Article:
Part of the irony of all of this is the fact that the first Christmas was incredibly spartan and austere. Those mean conditions in that primitive barn (known loosely as a cave), were anything but commercially promising. There were no beautiful Christmas lights, or a thousand marching Santas saying Merry Christmas in November with giant candy canes, or even those richly adorned Christmas trees with felt snow surrounding them. Nor was there (mercifully) a radio station that played only Christmas music starting the day after Halloween. It was simply the occasion of a couple who were desperately seeking somewhere-anywhere- to give birth to a child. If we fail to understand this basic truth, the whole spirit of the Christmas season will be lost. The circumstances of the first Christmas should inspire in us, as it did in Mary and Joseph, a marvelous contemplation; a silence which is truly pregnant with the presence of God. The light of this season comes not from a manufactured mall setting, but rather from the light of the world. Indeed, all of the appetite that we still have for celebrating with song, dance, food and family, proceeds directly from the heart of that little cave. He is the light without which no subsequent light is possible. Discard the baby, and expect the rest to follow.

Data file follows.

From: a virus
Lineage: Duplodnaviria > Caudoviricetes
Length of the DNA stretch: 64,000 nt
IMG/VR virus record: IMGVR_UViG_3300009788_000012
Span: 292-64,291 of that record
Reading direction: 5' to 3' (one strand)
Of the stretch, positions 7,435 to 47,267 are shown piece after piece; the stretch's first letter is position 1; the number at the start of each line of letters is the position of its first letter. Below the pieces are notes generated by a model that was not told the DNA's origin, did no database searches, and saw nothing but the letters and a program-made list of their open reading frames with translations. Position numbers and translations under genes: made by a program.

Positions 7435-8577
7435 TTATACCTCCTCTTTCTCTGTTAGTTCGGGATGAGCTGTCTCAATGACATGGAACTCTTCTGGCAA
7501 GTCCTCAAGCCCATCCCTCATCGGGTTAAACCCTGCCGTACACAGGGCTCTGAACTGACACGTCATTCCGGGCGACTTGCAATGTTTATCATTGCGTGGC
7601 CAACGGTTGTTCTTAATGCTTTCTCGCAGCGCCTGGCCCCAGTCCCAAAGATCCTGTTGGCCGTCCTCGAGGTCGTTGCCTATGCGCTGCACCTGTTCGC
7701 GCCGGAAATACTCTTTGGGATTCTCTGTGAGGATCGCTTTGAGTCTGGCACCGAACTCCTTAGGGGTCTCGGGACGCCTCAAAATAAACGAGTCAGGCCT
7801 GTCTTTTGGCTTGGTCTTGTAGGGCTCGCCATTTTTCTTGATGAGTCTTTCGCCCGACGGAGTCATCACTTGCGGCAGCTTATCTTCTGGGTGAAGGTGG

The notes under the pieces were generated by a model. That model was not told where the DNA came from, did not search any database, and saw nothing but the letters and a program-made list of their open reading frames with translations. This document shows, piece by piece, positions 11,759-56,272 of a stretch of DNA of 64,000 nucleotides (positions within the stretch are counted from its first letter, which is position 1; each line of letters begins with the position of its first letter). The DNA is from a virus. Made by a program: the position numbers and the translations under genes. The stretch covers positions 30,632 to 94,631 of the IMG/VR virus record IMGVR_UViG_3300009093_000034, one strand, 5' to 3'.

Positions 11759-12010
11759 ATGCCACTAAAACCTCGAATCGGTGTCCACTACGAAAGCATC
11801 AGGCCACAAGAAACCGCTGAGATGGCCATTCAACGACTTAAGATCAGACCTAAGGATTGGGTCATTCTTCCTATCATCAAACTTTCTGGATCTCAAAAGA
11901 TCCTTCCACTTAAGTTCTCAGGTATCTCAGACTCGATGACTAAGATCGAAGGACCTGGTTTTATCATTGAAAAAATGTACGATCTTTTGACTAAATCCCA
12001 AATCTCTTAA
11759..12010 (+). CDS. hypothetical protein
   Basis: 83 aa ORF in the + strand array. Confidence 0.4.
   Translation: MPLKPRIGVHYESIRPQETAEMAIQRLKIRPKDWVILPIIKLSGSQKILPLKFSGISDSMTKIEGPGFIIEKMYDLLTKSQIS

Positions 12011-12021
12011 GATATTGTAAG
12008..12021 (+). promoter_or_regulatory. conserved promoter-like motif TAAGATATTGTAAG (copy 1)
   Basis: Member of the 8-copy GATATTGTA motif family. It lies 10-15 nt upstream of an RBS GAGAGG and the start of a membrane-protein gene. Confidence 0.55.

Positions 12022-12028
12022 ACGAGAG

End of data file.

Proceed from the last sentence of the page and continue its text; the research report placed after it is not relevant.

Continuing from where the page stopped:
From the Church's perspective, the purpose of Advent is to create a season wherein there is a kind anticipatory space- a "pregnant pause" if you will- so that one can begin to look forward to (which is in essence the meaning of the word Advent) the entirety of the Christmas season. However, the world does everything in reverse. It front loads pleasure, and attempts to obliterate anything which would interfere with its program of instant gratification (my brother-in-law calls it the "cult of immediacy"). The Church, on the other hand, truly understands the rhythm and order of happiness, which is to say that the most pleasurable things in life require a necessary build-up. For example, no matter how good the chorus of a song might be, without a satisfactory verse that builds up nicely towards it, the chorus will eventually become cloying. And that is precisely what the world is all about. In an age of choruses, we are destined to be starved of any real opportunity to "look forward" to anything. My greatest fear is that we will attempt to solve this ache, not by recognizing the wisdom and foresight of a season of preparation, but by upping the dosage of the same thing- until at last, like in hell, we have killed the very thing we were trying desperately to save. This is why I say that the store "Christmas Everyday" is straight out of the bowels of hell, because it matches quite accurately the psychology of the abyss. Its philosophy essentially goes something like this; 'let's filch out all of the merry-making from the season we can, and when we're done dispose of the body.'